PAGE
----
A few weeks ago, Snapdeal cheerfully declared that “right programmers are rare in India” and the tech world went abuzz about how right or wrong that statement was. Javed Anwar, in an article published on the India Today, a leading Indian magazine, came to certain arbitrary conclusions that many faculty members in India with great CVs did not know even the basics of what they were teaching and that they also lacked insight about the implications of plagiarizing research. The author concluded that Snapdeal had to look for people from outside and that “that is the only way for it to grow”. How much of these conclusions are valid and how many of these claims are without biases and prejudices?
If we scratched the surface, it is quite evident that a single company’s decision to recruit programmers from abroad does not say anything about the actual situation in hand. To begin with, some of the largest and most important companies of the world have recruited Indian programmers. For example, Zoho built its entire product team from the scratch in India. Whether in India or in the U.S. or just about any country in the world, what is truly important is nurturing talent where it is found, taking corporate culture seriously and shouldering industry responsibility. These factors can be religiously followed by companies who are in the game for long haul, as we do at Indus Net Technologies.
Existing problems and possible solutions
It is an often repeated attempt at humor that Indians first become engineers, and then proceed further toward planning their futures and careers. This is mostly because of affordable education because of which more people can access higher education even if they do not have passion for certain subjects. Moreover, software engineering has always been the surest ticket out of poverty, as The Atlantic magazine noted way back in October, 2013.
In an insightful article titled “Behind the ‘Bad Indian Coder'”, The Atlantic discussed what is now being discussed post-Snapdeal fiasco – that Indian education system has failed its citizens. It is not the Indian programmers that lack skills but the way they are taught that makes them think in slightly different ways than their western counterparts. This includes rote-learning, lack of researching and Gestalt skills & an inability to be innovative even while they possess the talent.
While overhauling Indian education system is going to take time, what really needs to be understood is that the responsibility of nurturing talent falls squarely upon Indian service providers. Indian IT companies that recruit these poorly paid programmers are often in a hurry to churn out codes rather than encourage real talent to grow from within organically. What really happens at the end of the day is, Indian programmers are fired by their Indian employers if they do not meet or achieve targets. Consequently, there is no real room for innovation or nurturing talent.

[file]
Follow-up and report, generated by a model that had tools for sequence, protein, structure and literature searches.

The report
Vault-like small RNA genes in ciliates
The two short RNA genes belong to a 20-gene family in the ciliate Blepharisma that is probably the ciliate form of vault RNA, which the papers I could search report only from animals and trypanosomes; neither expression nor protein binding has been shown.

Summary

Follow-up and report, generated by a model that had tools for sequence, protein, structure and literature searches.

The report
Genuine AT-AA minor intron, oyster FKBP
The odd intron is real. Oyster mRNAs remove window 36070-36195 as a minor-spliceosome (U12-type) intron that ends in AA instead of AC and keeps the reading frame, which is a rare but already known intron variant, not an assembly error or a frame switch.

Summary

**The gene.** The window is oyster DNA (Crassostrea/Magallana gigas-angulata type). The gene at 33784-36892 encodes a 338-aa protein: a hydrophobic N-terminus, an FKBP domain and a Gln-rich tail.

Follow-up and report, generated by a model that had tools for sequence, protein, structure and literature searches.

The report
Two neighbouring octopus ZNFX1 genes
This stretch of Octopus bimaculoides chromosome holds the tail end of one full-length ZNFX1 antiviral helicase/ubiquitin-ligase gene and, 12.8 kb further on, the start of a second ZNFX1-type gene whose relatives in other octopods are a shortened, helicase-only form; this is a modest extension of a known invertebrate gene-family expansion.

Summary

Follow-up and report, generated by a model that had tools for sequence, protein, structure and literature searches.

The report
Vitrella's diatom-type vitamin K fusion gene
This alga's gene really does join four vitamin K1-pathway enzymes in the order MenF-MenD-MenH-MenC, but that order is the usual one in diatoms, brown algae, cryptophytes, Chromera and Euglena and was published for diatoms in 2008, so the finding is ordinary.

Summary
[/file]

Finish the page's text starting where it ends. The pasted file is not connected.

The companies that really excel in India are those that actually take time to nurture their employees and sort of provide a second education. Indian companies that realize the problems are focusing more on polishing and nurturing their existing employees, instead of forcing them to produce code, just as they were forced to produce homework in school. Thankfully, companies that nurture talent, speak for themselves and their employees are in demand internationally, whether they are Indian or not.
What do we do at Indus Net Technologies to nurture talent?
If companies feel there is a dearth of quality programmers, it is often their own responsibility to train their employees and nurture existing talents. At Indus Net, we nurture skilled resources and use that as a differentiator from the persistent noise in the industry. With more than 550 talented employees in two distinct units, we are able to focus on encouraging each individual to achieve a sort of self-actualization in their professional field.
Among the two groups, one focuses on SMBs and the other on the enterprise grade projects. We follow a protocol when it comes to quality bench-marking. This process involves training new recruits and allowing them to form internal teams & build something on their own, under the leadership and guidance of a seasoned project manager. The project manager ensures that skilled resources are individually trained and nurtured before they interact or start working on client projects. The process includes cross-cultural sensitization, technical skills, focus on innovation and creativity & honing one’s existing skills and talents.
Indus Net Labs is one of our unique ways to encourage our employees to spend 20% of their time creating something on their own. This is inspired by Google’s similar projects. Some of the products that resulted from Indus Net Labs initiative are SocialFire (a WhatsApp for businesses and organizations), Mobileafs (a digital publishing solution) and InfraFix (an eGovernance and maintenance solution).
Let us not be prejudiced and biased
To say that Indian programmers are not talented is a prejudiced and biased way of looking at things, to the point of sounding colonial. What really is ailing today’s programmers is lack of opportunities to innovate and nurture their own talent. This can be made possible by following our example of allowing individuality, creativity and ideas to be nurtured.
While there are certain cultural problems that seem to portray Indian programmers in an unfavorable light, the onus remains on companies to hire and nurture promising IT talent. With a keen sense of technology and already-existing English skills, Indian programmers can be groomed into world class professionals, just like we have been doing for several years at Indus Net Technologies.